STATE PANDEMIC RESPONSE:
UNDERSTANDING THE IMPACT ON EMPLOYMENT & OPPORTUNITY
- The severity and degree to which each state responded to the pandemic varied greatly state-by-state.
- The number of jobs lost in a given state was directly associated with how severely that state shut down its economy.
- More severe responses not only impacted immediate job loss but have had significant impact on long-term recovery.
- The severity of response did not seem to have a significant impact on hospitalizations or death rates from the pandemic.
- The speed at which state’s were able to recover from a job perspective was directly related to the severity by which they responded.
Why it matters
- While the shutdowns affected all Americans to varying degrees, it’s clear that those most affected were low-income and poor Americans.
- Minor changes in the way that a state responds to events like a pandemic could result in hundreds of thousands of people being unable to work and provide.
- Work provides more than a paycheck and can result in vital positive mental and social health to a community and individual.
- The results suggest that state and local governments must craft their economic response to the pandemic with greater care, seeking to impact employment less severely.
The Working Paper
In the fall of 2021, the Georgia Center for Opportunity worked with experts from Emory University, Texas Public Policy Foundation, and Southern Methodist University to assess the work impact of governmental response to the pandemic. The goal was to better understand what actions caused the largest impact on the opportunity to work and how we might better respond in the future.
This Working Paper is the initial report that shows how severe the response was by state governments and how it directly impacted job loss and recovery.
What We Learned
As the world faced an unprecedented global pandemic, governments scrambled to develop a response. Both federal and state governments sought to react in measured approaches. The goal seemingly was to stop the spread of the deadly virus while keeping society relatively open and our economies moving forward.
One of the primary ways that governments responded was by instituting restrictions on businesses and access to those businesses where it was perceived that community spread would take place. This knowingly would have a great impact on local economies and the labor market.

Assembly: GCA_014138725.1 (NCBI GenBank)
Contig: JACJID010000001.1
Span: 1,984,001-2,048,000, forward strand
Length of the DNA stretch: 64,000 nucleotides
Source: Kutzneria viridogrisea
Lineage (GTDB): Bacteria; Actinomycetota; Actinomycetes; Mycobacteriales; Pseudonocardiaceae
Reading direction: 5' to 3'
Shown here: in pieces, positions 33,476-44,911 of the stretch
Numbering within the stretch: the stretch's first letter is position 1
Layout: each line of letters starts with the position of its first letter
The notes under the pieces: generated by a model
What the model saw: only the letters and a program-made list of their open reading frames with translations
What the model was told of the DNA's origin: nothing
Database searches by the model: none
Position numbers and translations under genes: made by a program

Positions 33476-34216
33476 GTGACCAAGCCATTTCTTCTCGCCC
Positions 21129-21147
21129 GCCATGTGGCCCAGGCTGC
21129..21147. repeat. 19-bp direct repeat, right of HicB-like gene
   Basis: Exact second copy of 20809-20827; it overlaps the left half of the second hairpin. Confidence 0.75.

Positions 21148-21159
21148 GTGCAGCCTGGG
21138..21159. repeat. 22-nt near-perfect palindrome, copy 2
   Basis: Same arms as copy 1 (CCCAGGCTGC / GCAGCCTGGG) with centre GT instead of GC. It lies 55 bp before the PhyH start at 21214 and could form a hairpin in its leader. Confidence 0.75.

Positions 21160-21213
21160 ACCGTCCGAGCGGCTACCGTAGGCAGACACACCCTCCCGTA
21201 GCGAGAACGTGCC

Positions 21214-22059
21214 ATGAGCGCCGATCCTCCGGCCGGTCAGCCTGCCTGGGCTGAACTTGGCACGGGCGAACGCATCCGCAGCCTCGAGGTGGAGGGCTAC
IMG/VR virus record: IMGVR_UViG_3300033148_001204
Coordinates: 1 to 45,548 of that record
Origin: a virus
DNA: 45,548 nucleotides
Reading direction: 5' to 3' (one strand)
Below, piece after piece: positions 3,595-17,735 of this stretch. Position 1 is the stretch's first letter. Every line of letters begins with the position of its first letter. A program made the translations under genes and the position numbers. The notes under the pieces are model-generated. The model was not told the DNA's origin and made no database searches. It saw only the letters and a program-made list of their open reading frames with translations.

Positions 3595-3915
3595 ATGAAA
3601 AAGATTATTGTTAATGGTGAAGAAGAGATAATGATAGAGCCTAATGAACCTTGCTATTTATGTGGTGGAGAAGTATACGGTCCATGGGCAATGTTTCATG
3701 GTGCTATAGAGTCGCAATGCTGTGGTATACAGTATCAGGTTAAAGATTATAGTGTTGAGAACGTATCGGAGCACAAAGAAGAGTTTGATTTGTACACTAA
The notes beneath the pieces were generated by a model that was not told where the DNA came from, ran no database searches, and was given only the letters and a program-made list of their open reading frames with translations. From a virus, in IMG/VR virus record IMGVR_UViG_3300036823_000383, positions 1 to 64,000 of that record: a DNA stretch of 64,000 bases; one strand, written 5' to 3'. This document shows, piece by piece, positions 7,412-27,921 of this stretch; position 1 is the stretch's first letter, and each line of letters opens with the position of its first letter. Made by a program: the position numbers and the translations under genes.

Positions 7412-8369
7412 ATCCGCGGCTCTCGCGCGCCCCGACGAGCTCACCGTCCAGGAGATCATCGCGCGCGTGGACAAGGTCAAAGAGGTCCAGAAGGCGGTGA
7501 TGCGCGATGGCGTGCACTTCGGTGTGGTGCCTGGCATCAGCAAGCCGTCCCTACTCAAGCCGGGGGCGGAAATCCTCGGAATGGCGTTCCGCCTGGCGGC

Minor changes in our response could result in millions of people without work.
Understanding The Economic Toll
With over a year-and-a-half worth of data to collect, we now have a clear understanding of how the measures each state took to curb the spread of the virus impacted their economies.
The response of policymakers to the pandemic largely focused on public health—preventing as many people as possible from contracting and spreading the virus. But an often-overlooked public health indicator was the value of work itself. Work has long been a measure of success and personal health for individuals and for communities. What’s more, the economic impacts of our pandemic-era responses — such as closed businesses and rising inflation indicators — are often most impactful to marginalized communities, including those in poverty and people of color. Actions taken by states should not create overly burdensome social and financial costs to these communities, especially if these costs will impact the trajectory of opportunity in the long term.
The Georgia Center for Opportunity with the help of Emory University, Texas Public Policy Foundation, and Southern Methodist University looked into weighing the level of response by state governments and the long-term impact on the labor market. In researching government actions we have been better able to understand how severe each state’s actions were and whether they had any measurable impact on cases or hospitalizations. This should better help us to react to additional variants or other pandemic situations.
THE SEVERITY INDEX
This working paper includes a breakdown of the severity index which uses non-prejudice measures to determine the severity by which states governments instituted restrictive measures.
From the study, we know that each state responded to the pandemic in varying ways and with varying levels of success. What we did learn is that the number of jobs lost in a given state was directly associated with how severely that state restricted its economy, seemingly without significantly impacting hospitalization or death rates from the pandemic. These restrictions not only resulted in immediate job loss but also had a significant impact on long-term work recovery.. Job and economic recovery in states were directly related to the severity of restrictions. Minor changes to the state responses could result in hundreds of thousands of individuals being able to continue to work and provide for their families.
Our hope is that this report will encourage state and federal leadership to learn from the past 18 months and from the actions of fellow state leaders to weigh the severity of their actions on public and social health and wellbeing.
A huge setback
While there has been an emphasis to return to “pre-pandemic levels”, job recovery to where it should be, based off of prospective job growth, lags far behind in most states.